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*Available to Tomb Guards
Port Authority Womens Cascade Waterproof Jacket with SHGTUS Logo L322
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Port Authority Womens Cascade Waterproof Jacket with SHGTUS Member Logo L322
The Cascade Waterproof Jacket is fully sea-sealed with waterproof zippers. This parka-length essential jacket has modern good looks contrasting zippers and colorblocking.
- 100% polyester shell with 100% polyester lining
- 3000 mm fabric waterproof rating
- Waterproof zippered chest pocket
- Waterproof front pockets
- Hood with drawcord and toggles for adjustability
- Two-way Vision zipper
- Self-fabric adjustable tab cuff with hook and loop closures
- Open hem with drawcord and toggles for adjustability
- Available in sizes XS, S, M, L, XL, 2XL, 3XL and 4XL
- Embroidery is sewn on the left chest above the pocket
- Available in two color combination choices
This jacket can be embroidered with one of four available full color logos: Tomb Guard Badge, Society Badge logo or Associate Member logo, or the Centennial logo. Each logo measures 3.5’’ in diameter. Smaller 2.5’’ logos are also available upon request. Each jacket is embroidered to order and will ship directly from our embroiderer.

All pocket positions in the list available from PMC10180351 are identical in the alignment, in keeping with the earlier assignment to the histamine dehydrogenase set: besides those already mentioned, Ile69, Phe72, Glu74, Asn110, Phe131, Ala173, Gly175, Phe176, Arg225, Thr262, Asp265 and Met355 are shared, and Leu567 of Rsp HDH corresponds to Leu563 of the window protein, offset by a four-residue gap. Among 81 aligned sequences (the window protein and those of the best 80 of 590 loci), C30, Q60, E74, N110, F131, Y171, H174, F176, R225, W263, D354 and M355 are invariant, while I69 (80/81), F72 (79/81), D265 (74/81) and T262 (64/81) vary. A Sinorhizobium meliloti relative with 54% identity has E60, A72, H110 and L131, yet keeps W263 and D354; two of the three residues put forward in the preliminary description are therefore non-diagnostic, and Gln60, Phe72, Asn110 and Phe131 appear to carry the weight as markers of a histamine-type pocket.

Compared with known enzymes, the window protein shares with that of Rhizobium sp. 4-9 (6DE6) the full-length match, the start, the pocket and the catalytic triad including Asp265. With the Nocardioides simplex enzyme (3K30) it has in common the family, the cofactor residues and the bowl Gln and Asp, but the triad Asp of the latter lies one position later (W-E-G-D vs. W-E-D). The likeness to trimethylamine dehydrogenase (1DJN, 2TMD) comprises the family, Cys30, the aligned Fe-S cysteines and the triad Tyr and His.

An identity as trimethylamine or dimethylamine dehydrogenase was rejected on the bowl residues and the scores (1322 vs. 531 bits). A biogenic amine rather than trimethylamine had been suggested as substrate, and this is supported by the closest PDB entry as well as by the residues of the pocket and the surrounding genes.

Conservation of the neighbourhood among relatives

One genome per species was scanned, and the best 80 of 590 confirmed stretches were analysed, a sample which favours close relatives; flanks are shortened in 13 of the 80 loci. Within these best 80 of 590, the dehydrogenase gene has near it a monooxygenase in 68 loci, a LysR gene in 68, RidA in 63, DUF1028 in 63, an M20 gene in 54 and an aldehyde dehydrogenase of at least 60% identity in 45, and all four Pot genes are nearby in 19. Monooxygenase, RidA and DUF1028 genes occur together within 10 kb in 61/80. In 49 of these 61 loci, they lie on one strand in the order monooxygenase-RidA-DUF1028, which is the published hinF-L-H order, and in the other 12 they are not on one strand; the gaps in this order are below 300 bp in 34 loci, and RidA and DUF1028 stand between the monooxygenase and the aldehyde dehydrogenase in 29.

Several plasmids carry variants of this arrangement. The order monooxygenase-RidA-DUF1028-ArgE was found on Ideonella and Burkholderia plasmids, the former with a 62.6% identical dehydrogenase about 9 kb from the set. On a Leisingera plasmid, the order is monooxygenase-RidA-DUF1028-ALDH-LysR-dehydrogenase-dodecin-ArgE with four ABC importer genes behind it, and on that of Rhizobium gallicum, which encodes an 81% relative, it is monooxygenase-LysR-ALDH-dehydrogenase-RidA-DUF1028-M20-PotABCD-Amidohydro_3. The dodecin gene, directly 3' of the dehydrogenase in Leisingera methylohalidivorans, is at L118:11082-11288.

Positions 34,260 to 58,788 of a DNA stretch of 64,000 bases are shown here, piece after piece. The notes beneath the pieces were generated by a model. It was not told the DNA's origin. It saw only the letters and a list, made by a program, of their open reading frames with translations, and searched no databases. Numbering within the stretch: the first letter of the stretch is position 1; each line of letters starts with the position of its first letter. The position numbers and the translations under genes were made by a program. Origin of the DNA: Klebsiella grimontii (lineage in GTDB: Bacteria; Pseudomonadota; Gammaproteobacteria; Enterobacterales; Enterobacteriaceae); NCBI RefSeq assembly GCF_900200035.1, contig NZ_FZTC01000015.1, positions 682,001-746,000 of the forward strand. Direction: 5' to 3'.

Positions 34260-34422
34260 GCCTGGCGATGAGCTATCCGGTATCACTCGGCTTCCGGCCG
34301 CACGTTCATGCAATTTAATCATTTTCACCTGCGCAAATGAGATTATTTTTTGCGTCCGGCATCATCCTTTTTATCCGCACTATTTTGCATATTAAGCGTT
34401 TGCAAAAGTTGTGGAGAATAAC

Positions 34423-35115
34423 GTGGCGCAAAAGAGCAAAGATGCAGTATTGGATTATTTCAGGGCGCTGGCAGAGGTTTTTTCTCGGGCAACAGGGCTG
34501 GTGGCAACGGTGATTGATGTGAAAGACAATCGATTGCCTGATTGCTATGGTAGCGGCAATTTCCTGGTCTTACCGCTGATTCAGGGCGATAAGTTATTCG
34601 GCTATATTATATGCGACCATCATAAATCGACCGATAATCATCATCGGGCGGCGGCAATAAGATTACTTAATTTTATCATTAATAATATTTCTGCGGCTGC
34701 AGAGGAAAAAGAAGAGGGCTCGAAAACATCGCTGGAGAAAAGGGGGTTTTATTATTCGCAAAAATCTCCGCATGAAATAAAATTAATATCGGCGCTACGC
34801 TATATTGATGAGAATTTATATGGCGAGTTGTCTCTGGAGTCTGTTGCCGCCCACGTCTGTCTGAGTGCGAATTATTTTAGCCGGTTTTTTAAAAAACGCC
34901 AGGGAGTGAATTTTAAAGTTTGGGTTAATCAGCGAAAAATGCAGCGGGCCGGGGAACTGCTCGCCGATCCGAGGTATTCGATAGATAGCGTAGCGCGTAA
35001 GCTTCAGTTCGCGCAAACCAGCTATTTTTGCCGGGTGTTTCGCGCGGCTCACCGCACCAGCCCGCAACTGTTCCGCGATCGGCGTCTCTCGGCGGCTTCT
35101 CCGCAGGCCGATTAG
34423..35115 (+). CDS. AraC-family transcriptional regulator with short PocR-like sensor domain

Support the Society
The Society of the Honor Guard, Tomb of the Unknown Soldier (SHGTUS) is able to provide our programs, events, assistance, scholarships, and services due to the generosity of its members, organizations, and individuals. SHGTUS does not receive institutional funding. Note: The Society of the Honor Guard, Tomb of the Unknown Soldier is a 501(c)(3) organization, so your contributions may be fully tax deductible.
Did you know?
Has anyone ever tried to get past the Tomb guards, or attempted to deface the Tomb?
Yes, that is the reason why we now guard the Tomb. Back in the early 1920's, we didn't have guards and the Tomb looked much different. It was flat at ground level without the 70 ton marble 'cap'. People often came to the cemetery in those days and a few actually used the Tomb as a picnic area, likely because of the view. Soon after in 1925, they posted a civilian guard. In 1926, a US Army soldier was posted during cemetery hours. On July 1, 1937 guard duty was expanded to the 24 hour watch. Since then, the ceremony has evolved throughout the years to what you see today. Today, most of the challenges faced by the Sentinels are tourists who are speaking too loudly or attempting to get a better picture (by entering the post).